A case of hantavirus has been reported in China. Here’s why you shouldn’t worry. —-

A man who died in China Monday reportedly tested positive for a hantavirus, but that doesn’t necessarily mean you should worry another pandemic is coming.

Hantaviruses are a family of virus that spread through rodents, according to the U.S. Centers for Disease Control and Prevention.

In Yunnan Province, a man died on his way back to Shandong Province, according to Global Times, an English-language Chinese news outlet.

“He was tested positive for #hantavirus. Other 32 people on bus were tested,” the news outlet tweeted. 

The tweet, sent amid a pandemic caused by a new coronavirus, has been shared more than 15,000 times.

Though countries across the globe are on high alert due to uncertainty around the coronavirus, there is no indication that the hantavirus poses a global public health threat.

According to the CDC, hantavirus cases are rare, and they spread as a result of close contact with rodent urine, droppings or saliva. 

Certain kinds of rats and mice in the United States can carry the virus, which is transmitted when someone breathes in contaminated air.

“The hantaviruses that cause human illness in the United States cannot be transmitted from one person to another,” the CDC says on its website. Rare cases in Chile and Argentina have seen person-to-person transmission when a person is in close contact with someone sickened by a type of hantavirus called Andes virus, the CDC says.

In the U.S., the virus can cause hantavirus pulmonary syndrome, a severe respiratory disease that can be fatal. Symptoms include fatigue, fever, muscle aches, headaches, dizziness, chills, and abdominal problems. Coughing and shortness of breath can occur later in the disease as the lungs fill with liquid, the CDC says,

Hemorrhagic fever with renal syndrome, found mostly in Europe and Asia, can also occur, which causes pain, fever, chills, nausea, and blurred vision, the CDC says. More serious symptoms include acute kidney failure.

Cases in the United States have typically been concentrated in the western and southwestern states.

From 1993 to 2017, there were only 728 confirmed hantavirus cases in the United States, with most being non-fatal, according to CDC data. In comparison, since late January, when the first known coronavirus case was identified in the U.S., there have been 46,805 confirmed coronavirus cases nationwide, according to a Johns Hopkins University tracker.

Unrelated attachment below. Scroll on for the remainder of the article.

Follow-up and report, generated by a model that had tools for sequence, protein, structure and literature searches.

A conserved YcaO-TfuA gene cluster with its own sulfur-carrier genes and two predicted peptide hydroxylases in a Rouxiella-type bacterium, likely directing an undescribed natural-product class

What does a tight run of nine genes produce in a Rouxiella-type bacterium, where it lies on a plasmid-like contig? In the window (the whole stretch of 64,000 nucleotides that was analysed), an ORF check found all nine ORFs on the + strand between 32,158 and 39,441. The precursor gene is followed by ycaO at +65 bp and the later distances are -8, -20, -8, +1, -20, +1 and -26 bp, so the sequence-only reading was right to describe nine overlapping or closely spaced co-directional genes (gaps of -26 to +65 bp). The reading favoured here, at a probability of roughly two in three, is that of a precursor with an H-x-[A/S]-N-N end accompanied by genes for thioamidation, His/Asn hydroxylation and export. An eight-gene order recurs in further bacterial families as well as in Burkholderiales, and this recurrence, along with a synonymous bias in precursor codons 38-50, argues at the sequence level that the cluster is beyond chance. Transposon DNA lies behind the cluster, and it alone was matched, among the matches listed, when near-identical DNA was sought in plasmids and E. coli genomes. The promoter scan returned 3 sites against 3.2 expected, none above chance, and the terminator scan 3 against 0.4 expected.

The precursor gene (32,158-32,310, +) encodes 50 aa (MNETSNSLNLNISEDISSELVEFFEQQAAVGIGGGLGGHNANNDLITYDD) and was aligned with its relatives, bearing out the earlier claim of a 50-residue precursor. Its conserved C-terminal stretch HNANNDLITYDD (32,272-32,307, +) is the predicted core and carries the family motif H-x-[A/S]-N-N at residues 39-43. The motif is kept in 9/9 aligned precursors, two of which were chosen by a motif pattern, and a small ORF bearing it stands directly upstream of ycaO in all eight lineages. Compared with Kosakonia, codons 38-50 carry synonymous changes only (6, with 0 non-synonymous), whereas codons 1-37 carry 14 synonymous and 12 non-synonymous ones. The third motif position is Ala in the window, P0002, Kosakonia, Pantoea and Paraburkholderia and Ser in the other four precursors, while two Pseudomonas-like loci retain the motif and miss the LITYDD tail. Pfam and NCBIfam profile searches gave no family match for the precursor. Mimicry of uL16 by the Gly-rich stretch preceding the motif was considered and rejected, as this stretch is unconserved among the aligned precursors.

In May 1993, a hantavirus outbreak occurred in an area between Arizona, New Mexico, Colorado and Utah. A 2012 outbreak in Yosemite sickened 10 people. In seven states, 17 people were infected in a 2017 outbreak.

2 comments on “A case of hantavirus has been reported in China. Here’s why you shouldn’t worry.

  1. Many of us long-distance backpackers? Know all about Hantavirus. This is a danger when you get to the shelters set up on the trails as they are habitats for mice. Some hikers have come down with hantavirus just by laying their sleeping bags down on the floor of the shelter without sweeping it first cause they lay it down right on top of mice crap. Or? The mice come out at night while we sleep and they walk all over you, get into your packs if you are not careful. (I actually had a mouse once eat through the top of my backpacks butt sac.

    But? You are told what to do to prevent catching it. First of course? Is to clean the shelter floor. But other ways are to store your food outside of the shelter and not in your pack on the food hook slides that they have or the bear boxes they have which keeps the critters out. You also hide your toilet paper. Funny idea but those mice? LOVE toilet paper.

    Hantavirus can be deadly and that is why you go to shelters like on the Appalachian Trail? Many of them have signs posted on how to deal with the mice to prevent getting the disease.

    Liked by 1 person

  2. Thanks for sharing. This is some good information to know.


Comments are closed.

%d bloggers like this: